Design and Validation of a Whole-Genome SequencingBased Assay for Population Health

Document Type


Publication Date



oregon; chiles; genomics; isb


Introduction: Next-generation sequencing (NGS) is rapidly emerging as a key methodology in the clinical laboratory for a wide array of clinical uses, including heritable disease testing, somatic tumor profiling, and microbiology. Whereas current clinical methods are largely focused on targeted gene panels, the low cost and high throughput of modern sequencing platforms are making it possible to use whole-genome sequencing (WGS) for routine clinical applications. Here we developed a clinical WGS-based lab developed test (LDT) for heritable disease gene testing and pharmacogenomics (PGx) and performed extensive validation across a large cohort of blood and saliva specimens. Methods: DNA was isolated from both whole blood (EDTA) and saliva (Oragene collection) using the Qiagen QIAsymphony DSP Midi Kit. Whole genome libraries were prepared from 300 to 500 ng gDNA with the Illumina DNA PCR-Free Tagmentation kit. Sequencing (30X) was performed on the Illumina NovaSeq 6000. Pharmacogenetic genotyping and variant detection analysis (82 genes) were performed using standard analysis pipelines on the Illumina Dynamic Read Analysis for GENomics (DRAGEN) platform. Interpretation of heritable disease gene variants as well as PGx star allele assignment were performed by experts utilizing the Fabric Genomics interpretation platform as well as a novel in-house developed platform for clinical reporting. Results: WGS was performed on a combined retrospective and prospective validation cohort of 119 whole blood and 69 saliva specimens that were orthogonally tested via single gene or small panel tests at commercial laboratories. Validation was performed across a set of 77 actionable disease genes and resulted in 100% agreement in called pathogenic and likely pathogenic single nucleotide variants, indels, and copy number variants when compared to the reference method. Genotyping from WGS across a panel of PGx genes (CYP2C19, CYP2C9, VKORC1, and CYP4F2) in the 119 whole blood and 69 saliva gDNA samples resulted in 100% concordance with the reference method (MALDI-TOF mass spectrometry). Conclusions: WGS exhibited equivalent performance with targeted gene panel testing across a large cohort of clinical specimens. The comprehensive nature of a WGS backbone for clinical testing has the added benefit of facilitating expanded reanalysis of new actionable genes, rapid redeployment for use in other clinical contexts, as well as for use by researchers in supporting novel genomic discoveries. Given the anticipated upcoming reductions in cost for WGS, a singular clinical genome-based platform will likely represent a viable streamlined option for supporting clinical genetic/genomic testing across the clinical spectrum.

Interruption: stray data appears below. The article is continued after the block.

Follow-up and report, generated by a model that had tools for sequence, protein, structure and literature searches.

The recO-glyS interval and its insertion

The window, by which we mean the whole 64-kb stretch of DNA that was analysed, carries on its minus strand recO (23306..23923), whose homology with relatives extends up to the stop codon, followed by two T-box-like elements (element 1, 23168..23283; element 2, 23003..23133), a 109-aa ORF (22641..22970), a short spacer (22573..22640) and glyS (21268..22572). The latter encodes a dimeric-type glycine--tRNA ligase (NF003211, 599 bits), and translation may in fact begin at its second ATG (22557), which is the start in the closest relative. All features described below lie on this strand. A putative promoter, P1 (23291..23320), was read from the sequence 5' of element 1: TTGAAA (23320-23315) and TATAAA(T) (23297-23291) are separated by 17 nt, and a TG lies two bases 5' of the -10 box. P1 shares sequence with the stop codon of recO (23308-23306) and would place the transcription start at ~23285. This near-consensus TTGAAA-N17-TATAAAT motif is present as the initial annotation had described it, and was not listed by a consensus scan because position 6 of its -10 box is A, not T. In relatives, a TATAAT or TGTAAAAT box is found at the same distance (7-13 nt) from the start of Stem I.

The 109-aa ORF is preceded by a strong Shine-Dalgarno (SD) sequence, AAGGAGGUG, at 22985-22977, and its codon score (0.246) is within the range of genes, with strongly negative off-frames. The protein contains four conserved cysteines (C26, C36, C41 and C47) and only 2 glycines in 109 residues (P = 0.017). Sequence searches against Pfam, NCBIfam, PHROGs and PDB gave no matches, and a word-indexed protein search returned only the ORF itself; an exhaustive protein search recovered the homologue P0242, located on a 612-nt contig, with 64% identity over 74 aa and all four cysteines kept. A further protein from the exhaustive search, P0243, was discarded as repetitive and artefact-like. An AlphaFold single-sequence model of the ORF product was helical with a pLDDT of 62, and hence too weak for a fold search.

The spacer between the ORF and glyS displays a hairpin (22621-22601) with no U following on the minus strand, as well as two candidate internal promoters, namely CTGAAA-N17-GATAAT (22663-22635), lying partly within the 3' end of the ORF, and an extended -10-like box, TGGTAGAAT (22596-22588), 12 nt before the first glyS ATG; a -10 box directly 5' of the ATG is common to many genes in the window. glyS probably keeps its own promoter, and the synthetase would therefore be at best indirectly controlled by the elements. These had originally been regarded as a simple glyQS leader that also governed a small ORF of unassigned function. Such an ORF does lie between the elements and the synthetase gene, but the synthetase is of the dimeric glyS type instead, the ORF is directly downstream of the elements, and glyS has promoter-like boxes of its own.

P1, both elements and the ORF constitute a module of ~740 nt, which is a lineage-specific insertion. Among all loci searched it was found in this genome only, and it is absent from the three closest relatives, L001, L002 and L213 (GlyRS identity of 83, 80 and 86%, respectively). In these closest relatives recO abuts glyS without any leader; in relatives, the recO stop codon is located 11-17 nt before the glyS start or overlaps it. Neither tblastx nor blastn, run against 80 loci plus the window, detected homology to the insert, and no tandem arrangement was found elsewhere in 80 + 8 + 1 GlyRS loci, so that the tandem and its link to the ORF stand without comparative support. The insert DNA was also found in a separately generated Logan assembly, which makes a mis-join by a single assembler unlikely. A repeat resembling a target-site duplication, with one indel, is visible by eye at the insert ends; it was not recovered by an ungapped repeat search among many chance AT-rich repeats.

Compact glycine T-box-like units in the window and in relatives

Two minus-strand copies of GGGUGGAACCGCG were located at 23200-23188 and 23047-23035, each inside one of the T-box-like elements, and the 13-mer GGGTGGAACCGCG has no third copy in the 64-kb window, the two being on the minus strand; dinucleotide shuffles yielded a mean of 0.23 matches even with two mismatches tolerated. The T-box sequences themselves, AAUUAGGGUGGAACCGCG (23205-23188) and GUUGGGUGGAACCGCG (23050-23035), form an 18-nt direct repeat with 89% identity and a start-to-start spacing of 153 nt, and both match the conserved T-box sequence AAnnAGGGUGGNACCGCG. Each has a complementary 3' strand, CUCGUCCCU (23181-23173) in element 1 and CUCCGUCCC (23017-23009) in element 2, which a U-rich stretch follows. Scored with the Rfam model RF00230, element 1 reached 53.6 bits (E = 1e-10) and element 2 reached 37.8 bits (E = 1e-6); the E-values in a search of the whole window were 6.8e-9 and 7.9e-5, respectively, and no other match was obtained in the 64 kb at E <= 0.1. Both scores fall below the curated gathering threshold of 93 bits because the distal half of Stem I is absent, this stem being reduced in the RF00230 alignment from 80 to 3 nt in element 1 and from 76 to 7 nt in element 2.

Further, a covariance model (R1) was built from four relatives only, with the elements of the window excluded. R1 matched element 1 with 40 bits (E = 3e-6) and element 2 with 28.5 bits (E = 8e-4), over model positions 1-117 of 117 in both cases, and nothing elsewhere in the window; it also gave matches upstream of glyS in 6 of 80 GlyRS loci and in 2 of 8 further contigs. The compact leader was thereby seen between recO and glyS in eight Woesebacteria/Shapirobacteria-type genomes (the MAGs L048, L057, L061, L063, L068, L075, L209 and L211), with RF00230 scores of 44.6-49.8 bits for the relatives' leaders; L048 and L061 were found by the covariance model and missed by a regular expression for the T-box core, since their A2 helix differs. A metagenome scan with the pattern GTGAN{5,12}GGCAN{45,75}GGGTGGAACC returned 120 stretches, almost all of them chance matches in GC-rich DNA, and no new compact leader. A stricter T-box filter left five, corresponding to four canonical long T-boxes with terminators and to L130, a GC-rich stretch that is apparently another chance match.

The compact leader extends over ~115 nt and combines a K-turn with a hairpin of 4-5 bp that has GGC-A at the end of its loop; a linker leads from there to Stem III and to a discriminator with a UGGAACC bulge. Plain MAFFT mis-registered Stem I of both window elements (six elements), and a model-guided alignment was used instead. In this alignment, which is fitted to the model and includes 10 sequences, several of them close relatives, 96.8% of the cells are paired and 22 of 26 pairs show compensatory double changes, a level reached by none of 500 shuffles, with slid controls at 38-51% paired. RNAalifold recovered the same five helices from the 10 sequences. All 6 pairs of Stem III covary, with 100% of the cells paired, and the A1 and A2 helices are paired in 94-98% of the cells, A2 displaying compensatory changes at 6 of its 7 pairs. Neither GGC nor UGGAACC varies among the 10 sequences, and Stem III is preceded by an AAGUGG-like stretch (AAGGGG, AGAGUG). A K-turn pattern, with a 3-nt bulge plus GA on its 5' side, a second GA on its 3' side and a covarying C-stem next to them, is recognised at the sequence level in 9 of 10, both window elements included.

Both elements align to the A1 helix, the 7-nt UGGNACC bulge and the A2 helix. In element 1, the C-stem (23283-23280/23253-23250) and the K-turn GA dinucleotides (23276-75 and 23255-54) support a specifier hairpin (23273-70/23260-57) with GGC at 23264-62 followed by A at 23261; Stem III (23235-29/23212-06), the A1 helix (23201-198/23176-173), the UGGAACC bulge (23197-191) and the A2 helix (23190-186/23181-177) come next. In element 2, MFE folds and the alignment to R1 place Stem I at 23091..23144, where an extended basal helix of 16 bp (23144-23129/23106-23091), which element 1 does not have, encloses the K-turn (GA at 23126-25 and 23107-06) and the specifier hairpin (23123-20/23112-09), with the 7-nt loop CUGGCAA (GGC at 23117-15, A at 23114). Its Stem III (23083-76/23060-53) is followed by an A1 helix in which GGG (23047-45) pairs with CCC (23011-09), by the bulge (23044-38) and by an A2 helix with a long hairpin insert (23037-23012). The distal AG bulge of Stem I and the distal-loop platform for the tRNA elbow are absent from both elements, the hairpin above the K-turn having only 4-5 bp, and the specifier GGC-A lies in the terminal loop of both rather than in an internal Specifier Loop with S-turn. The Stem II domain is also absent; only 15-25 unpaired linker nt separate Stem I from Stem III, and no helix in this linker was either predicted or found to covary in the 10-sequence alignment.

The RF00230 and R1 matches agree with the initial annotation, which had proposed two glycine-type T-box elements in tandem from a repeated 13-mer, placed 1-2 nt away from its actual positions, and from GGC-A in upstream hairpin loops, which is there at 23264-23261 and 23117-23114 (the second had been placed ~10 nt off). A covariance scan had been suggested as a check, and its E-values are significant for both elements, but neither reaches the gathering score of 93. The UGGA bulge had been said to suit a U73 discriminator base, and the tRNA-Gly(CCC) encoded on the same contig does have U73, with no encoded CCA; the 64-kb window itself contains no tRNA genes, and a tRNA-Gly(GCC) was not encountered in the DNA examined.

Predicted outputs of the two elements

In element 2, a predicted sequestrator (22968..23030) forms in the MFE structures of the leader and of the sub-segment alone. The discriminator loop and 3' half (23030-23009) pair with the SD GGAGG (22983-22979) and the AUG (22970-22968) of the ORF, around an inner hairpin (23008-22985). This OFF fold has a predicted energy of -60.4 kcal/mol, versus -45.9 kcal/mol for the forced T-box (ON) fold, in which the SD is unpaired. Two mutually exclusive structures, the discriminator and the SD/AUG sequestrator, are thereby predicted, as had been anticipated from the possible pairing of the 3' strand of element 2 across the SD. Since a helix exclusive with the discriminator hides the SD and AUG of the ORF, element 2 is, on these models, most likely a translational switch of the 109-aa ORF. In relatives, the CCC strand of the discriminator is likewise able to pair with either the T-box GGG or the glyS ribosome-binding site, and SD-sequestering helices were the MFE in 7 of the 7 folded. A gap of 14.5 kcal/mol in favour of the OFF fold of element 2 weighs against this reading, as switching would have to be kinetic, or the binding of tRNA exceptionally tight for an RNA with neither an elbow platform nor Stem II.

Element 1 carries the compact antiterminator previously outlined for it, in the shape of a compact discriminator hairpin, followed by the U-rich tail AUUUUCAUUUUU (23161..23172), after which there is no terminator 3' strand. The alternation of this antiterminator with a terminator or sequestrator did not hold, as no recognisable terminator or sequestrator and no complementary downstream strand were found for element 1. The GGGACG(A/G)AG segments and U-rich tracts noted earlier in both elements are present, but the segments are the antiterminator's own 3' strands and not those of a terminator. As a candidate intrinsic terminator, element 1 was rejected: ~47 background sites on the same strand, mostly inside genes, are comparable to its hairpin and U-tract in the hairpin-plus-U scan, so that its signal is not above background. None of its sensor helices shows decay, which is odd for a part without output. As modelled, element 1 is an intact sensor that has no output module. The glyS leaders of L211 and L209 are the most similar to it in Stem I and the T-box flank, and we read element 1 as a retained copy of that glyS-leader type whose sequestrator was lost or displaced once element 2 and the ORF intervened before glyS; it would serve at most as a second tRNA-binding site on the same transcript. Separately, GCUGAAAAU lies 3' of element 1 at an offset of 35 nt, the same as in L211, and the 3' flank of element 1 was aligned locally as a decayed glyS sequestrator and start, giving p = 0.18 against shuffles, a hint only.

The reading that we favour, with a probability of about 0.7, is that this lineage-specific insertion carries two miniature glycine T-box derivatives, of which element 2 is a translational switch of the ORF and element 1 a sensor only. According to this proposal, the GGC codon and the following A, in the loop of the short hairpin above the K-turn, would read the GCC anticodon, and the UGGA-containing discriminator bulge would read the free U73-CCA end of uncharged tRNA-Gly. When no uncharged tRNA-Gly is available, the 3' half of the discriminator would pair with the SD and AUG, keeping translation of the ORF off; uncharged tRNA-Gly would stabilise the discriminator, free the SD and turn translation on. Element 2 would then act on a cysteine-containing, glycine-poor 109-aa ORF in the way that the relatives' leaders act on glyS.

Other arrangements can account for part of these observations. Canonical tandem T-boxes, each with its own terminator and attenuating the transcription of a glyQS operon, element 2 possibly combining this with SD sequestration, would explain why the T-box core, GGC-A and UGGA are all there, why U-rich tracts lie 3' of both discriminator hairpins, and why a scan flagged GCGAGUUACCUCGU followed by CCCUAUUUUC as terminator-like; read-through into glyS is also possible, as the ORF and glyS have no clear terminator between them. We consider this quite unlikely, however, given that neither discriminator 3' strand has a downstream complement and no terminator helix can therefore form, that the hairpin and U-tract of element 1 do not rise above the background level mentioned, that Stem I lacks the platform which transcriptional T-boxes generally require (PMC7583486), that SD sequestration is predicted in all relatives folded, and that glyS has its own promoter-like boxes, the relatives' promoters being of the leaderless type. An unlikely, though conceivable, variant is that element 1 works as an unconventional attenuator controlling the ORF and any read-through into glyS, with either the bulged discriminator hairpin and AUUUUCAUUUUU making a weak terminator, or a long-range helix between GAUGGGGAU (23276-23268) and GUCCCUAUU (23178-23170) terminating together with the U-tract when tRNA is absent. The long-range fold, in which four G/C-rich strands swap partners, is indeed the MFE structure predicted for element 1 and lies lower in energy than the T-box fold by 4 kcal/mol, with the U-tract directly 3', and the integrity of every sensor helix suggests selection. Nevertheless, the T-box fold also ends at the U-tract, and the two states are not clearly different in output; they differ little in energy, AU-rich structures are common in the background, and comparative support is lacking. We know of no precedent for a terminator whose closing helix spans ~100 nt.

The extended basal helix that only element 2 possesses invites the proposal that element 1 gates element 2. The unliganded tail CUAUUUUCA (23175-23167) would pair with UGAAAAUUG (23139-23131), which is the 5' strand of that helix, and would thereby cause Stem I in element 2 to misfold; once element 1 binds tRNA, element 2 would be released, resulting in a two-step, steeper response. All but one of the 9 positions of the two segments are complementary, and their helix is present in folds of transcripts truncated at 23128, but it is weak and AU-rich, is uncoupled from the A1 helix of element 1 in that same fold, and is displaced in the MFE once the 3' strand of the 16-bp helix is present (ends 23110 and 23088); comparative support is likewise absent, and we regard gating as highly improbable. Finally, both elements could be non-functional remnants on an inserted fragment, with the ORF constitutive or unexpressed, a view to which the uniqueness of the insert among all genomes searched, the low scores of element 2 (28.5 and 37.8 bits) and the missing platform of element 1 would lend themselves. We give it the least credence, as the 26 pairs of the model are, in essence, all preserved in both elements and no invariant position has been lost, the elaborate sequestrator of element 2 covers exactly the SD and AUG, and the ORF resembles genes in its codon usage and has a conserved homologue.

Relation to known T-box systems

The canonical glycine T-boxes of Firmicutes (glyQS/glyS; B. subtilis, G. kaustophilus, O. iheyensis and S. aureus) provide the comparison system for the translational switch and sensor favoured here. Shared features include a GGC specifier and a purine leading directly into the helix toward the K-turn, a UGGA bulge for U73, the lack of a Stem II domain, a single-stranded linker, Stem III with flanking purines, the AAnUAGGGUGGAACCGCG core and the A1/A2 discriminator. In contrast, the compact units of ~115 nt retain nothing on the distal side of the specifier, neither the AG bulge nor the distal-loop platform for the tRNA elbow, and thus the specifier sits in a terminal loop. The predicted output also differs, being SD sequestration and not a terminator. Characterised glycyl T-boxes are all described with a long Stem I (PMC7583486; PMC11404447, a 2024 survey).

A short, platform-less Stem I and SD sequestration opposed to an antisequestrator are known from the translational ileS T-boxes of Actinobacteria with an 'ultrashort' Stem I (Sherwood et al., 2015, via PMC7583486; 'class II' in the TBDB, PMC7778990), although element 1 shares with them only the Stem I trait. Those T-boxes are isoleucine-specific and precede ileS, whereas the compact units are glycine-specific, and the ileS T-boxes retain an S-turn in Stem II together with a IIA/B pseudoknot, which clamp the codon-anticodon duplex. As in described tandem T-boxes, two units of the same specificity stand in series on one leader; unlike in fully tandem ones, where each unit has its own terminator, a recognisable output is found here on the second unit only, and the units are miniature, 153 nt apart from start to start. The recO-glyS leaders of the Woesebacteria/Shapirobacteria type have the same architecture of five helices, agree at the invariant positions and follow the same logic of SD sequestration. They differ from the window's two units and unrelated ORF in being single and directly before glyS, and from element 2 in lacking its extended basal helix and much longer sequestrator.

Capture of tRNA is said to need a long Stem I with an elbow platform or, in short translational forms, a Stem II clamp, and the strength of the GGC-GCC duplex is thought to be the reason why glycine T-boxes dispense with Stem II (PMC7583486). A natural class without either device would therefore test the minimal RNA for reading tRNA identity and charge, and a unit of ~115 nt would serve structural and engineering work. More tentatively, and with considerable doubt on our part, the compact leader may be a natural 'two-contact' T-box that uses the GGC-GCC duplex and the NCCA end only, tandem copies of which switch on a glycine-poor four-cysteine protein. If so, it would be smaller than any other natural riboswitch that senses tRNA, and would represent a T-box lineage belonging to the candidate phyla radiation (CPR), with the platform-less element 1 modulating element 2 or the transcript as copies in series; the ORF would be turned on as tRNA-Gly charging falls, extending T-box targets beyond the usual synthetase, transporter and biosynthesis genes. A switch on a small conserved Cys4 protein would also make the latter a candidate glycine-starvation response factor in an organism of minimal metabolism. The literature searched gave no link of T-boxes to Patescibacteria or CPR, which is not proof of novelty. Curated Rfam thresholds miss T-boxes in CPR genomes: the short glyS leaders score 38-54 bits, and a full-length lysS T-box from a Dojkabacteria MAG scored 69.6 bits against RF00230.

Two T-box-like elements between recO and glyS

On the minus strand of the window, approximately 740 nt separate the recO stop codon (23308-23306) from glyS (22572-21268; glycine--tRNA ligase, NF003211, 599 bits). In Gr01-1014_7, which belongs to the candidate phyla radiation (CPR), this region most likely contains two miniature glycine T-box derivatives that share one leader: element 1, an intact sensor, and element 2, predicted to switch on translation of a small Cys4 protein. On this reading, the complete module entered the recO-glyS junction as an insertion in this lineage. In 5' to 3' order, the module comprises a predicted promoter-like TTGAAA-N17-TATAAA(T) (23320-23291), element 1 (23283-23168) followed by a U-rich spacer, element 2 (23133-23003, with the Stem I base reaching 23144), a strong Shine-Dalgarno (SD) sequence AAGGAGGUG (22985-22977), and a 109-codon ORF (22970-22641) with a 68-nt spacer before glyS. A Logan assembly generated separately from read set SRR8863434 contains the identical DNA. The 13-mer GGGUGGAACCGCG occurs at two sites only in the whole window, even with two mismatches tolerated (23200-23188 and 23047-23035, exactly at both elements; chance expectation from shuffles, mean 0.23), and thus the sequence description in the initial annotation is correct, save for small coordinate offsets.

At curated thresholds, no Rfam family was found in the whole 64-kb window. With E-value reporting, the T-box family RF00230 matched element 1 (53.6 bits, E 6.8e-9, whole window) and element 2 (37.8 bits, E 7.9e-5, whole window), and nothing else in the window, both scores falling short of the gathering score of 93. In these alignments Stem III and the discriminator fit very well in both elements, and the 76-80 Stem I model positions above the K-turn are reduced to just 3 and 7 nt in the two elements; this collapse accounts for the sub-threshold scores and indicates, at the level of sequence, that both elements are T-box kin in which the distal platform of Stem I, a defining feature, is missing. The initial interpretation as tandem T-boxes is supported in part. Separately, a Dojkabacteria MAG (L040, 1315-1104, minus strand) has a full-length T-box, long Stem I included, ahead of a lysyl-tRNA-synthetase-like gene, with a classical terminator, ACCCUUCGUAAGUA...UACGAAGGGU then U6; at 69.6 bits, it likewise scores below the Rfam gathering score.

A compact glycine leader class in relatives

Clinical Institute





Earle A. Chiles Research Institute


Presented at the AMP Annual Meeting; November 1-5; Phoenix, AZ. 2022: G069.

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